With the launch of the Harvard Financial Aid Initiative in 2004, the 21st century also saw an increased emphasis on providing financial aid to promote access for students from all economic backgrounds.[52] Since 2004, there have been several significant expansions of Harvard’s financial aid program.[53][54][55] As of 2020, more than half of Harvard College students receive loan-free scholarship aid from the university.[56]

Campuses

Cambridge

 
University seal

Harvard’s 209-acre (85 ha) main campus is centered on Harvard Yard in Cambridge, about 3 miles (5 km) west-northwest of downtown Boston, and extends into the surrounding Harvard Square neighborhood. Harvard Yard itself contains key administrative offices such as University Hall and Massachusetts Hall; libraries such as WidenerPuseyHoughton, and LamontMemorial Church; academic buildings such as Sever Hall and Harvard Hall; and most freshman dormitories. Sophomore, junior, and senior undergraduates live in twelve residential houses, nine of which are south of Harvard Yard along or near the Charles River. The other three are located in a residential neighborhood half a mile northwest of the Yard at the Quadrangle (commonly referred to as the “Quad”) which housed Radcliffe College students until Radcliffe merged its residential system with Harvard. Each residential house is a community with undergraduates, faculty deans, and resident tutors, as well as a dining hall, library, and recreational spaces.[57] The houses were made possible by a gift from Yale University alumnus Edward Harkness.[58]

Radcliffe Yard, formerly the center of the campus of Radcliffe College and now home to Harvard’s Radcliffe Institute for Advanced Study,[59] is adjacent to the Graduate School of Education and the Cambridge Common.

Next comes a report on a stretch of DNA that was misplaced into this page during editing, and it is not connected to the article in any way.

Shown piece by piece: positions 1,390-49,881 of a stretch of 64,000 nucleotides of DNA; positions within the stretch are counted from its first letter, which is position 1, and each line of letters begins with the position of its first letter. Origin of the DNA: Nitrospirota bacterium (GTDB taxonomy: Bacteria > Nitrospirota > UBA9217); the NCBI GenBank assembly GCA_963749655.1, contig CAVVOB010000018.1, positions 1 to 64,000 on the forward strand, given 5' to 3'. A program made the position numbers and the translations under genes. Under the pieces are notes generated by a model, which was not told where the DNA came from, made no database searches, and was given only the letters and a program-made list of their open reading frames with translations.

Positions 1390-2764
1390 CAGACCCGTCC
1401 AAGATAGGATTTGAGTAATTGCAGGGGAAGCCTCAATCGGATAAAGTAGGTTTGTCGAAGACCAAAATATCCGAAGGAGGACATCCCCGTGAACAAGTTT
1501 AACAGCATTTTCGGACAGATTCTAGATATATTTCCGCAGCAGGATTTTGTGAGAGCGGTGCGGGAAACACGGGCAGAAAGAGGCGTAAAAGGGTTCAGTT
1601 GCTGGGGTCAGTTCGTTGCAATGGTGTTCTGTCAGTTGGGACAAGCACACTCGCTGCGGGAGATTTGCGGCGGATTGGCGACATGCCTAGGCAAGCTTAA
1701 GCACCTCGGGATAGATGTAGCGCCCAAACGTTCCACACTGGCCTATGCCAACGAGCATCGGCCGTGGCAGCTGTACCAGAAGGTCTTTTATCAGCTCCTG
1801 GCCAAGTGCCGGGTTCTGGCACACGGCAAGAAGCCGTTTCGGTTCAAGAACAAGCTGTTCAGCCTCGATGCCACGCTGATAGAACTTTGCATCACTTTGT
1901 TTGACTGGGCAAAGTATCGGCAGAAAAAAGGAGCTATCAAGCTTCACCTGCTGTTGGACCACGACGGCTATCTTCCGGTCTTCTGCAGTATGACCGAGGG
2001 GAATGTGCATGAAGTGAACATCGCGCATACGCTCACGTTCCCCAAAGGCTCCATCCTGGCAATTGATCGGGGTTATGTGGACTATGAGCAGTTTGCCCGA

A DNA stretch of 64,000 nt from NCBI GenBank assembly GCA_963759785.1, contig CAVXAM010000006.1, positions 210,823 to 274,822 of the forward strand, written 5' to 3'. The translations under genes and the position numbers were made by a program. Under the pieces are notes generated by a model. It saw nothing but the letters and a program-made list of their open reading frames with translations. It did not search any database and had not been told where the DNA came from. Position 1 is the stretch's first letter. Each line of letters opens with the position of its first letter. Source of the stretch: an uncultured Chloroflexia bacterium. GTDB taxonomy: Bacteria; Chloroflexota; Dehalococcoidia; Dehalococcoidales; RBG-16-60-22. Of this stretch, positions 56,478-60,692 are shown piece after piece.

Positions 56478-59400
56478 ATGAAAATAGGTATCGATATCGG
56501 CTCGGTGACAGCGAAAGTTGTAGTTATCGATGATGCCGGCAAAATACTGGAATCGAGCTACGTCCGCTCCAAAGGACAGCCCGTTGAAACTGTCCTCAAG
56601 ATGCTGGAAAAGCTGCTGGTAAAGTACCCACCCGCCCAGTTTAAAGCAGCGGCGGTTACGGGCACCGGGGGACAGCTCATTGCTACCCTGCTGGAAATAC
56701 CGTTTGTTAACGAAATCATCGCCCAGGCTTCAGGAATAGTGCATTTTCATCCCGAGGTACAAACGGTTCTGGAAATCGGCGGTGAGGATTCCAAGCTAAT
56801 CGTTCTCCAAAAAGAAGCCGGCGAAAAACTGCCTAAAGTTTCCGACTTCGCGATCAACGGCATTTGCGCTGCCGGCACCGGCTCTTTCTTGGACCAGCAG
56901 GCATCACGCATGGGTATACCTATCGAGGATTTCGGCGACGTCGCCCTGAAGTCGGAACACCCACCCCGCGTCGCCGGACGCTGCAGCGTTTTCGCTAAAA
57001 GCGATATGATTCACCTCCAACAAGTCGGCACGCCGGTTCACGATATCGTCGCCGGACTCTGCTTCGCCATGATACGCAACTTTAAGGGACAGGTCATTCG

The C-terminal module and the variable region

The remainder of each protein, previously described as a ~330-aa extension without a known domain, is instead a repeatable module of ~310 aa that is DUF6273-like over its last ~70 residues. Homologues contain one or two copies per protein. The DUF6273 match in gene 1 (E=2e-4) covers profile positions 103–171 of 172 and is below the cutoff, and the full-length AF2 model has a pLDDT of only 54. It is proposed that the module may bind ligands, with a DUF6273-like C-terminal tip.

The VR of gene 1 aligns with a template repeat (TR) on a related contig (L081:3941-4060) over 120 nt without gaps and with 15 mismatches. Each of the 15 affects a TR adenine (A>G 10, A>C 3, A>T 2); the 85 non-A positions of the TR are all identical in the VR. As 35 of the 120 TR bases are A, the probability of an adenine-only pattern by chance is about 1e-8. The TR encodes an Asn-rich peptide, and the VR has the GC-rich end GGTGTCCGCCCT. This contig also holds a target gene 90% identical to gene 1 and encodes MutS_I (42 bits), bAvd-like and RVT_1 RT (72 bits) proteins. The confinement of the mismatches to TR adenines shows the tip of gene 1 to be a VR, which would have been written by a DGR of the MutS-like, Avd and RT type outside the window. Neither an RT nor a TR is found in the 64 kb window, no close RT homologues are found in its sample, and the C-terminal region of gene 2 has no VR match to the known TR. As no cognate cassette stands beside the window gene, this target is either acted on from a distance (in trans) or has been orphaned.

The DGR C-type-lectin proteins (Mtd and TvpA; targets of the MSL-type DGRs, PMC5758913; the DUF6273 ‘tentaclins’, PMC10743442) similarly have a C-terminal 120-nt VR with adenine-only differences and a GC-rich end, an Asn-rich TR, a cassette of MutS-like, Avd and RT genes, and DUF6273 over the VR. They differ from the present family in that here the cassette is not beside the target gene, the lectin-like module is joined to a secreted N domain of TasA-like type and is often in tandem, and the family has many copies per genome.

Memorial Church

Between 2014 and 2016, Harvard University reported crime statistics for its main Cambridge campus that included 141 forcible sex offenses, 33 robberies, 46 aggravated assaults, 151 burglaries, and 32 cases of motor vehicle theft.[60]

Harvard also has commercial real estate holdings in Cambridge and Allston, on which it pays property taxes.[61] This includes the Allston Doubletree Hotel, The Inn at Harvard, and the Harvard Square Hotel.[62]

Allston

Harvard Business School and many athletics facilities, including Harvard Stadium, are located on a 358-acre (145 ha) campus in Allston,[63] a Boston neighborhood just across the Charles River from the Cambridge campus. The John W. Weeks Bridge, a pedestrian bridge over the Charles River, connects the two campuses.

Intending a major expansion, Harvard now owns more land in Allston than it does in Cambridge.[64] A ten-year plan calls for 1.4 million square feet (130,000 square meters) of new construction and 500,000 square feet (50,000 square meters) of renovations, including new and renovated buildings at Harvard Business School, a hotel and conference center, a multipurpose institutional building, renovations to graduate student housing and Harvard Stadium, new athletics facilities, new laboratories and classrooms for the Harvard John A. Paulson School of Engineering and Applied Sciences (SEAS), expansion of the Harvard Education Portal, and a district energy facility.[65]

In 2020–2021, SEAS will expand into the new, 500,000+ square foot Science and Engineering Complex (SEC) in Allston.[66] The SEC will be adjacent to the Enterprise Research Campus in synergy with Harvard Business School and the Harvard Innovation Lab to encourage technology- and life science-focused startups as well as collaborations with mature companies.[67]

Longwood

Harvard Medical School, the Harvard School of Dental Medicine, and the Harvard T.H. Chan School of Public Health are located on a 21-acre (8.5 ha) campus in the Longwood Medical and Academic Area in Boston about 3.3 miles (5.3 km) south of the Cambridge campus.[13] Several of Harvard’s affiliated hospitals and research institutes are also in Longwood, including Beth Israel Deaconess Medical CenterBoston Children’s HospitalBrigham and Women’s HospitalDana–Farber Cancer InstituteJoslin Diabetes Center, and the Wyss Institute for Biologically Inspired Engineering. Additional affiliates, most notably Massachusetts General Hospital, are located throughout the Greater Boston area.